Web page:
Lars Kolbowski, Swantje Lenz, Lutz Fischer, Ludwig R. Sinn, Francis J. O’Reilly, Juri Rappsilber
Analytical Chemistry, 2022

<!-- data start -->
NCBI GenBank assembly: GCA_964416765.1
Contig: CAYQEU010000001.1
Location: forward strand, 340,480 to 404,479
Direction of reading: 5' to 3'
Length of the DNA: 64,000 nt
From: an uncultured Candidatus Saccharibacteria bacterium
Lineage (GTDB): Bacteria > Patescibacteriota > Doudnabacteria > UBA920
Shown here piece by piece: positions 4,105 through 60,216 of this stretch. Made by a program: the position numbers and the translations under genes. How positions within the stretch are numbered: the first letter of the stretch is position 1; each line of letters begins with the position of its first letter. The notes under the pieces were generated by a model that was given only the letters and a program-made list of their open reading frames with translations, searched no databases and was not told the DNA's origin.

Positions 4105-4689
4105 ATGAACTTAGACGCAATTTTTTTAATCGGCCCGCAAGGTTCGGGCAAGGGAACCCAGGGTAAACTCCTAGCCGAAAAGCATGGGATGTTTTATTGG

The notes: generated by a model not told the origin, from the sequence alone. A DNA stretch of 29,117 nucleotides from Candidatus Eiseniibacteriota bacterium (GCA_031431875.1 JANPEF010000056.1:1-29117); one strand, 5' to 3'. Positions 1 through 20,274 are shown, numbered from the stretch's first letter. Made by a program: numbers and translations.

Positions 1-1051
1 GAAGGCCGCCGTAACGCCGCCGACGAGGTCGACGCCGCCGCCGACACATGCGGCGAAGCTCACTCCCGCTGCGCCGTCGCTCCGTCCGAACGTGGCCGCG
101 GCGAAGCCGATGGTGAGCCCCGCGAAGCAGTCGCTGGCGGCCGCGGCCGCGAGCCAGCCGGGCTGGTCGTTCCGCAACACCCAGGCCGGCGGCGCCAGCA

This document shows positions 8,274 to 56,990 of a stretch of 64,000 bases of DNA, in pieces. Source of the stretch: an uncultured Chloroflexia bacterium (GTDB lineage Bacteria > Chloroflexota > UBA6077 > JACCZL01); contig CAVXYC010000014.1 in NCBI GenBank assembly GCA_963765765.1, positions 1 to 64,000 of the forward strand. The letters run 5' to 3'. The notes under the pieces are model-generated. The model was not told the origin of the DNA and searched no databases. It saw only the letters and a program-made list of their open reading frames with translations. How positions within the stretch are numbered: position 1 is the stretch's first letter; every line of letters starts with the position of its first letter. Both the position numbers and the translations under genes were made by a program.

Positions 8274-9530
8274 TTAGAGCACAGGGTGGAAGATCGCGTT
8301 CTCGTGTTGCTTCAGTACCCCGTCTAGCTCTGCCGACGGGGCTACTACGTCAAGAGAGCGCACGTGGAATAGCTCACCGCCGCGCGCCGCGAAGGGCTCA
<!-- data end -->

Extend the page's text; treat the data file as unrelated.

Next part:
Proteome-wide crosslinking mass spectrometry studies have coincided with the advent of mass spectrometry (MS)-cleavable crosslinkers that can reveal the individual masses of the two crosslinked peptides. However, recently, such studies have also been published with noncleavable crosslinkers, suggesting that MS-cleavability is not essential. We therefore examined in detail the advantages and disadvantages of using the commonly used MS-cleavable crosslinker, disuccinimidyl sulfoxide (DSSO). Indeed, DSSO gave rise to signature peptide fragments with a distinct mass difference (doublet) for nearly all identified crosslinked peptides. Surprisingly, we could show that it was not these peptide masses that proved the main advantage of MS cleavability of the crosslinker, but improved peptide backbone fragmentation which reduces the ambiguity of peptide identifications. This also holds true for another commonly used MS-cleavable crosslinker, DSBU. We show furthermore that the more intricate MS3-based data acquisition approaches lack sensitivity and specificity, causing them to be outperformed by the simpler and faster stepped higher-energy collisional dissociation (HCD) method. This understanding will guide future developments and applications of proteome-wide crosslinking mass spectrometry.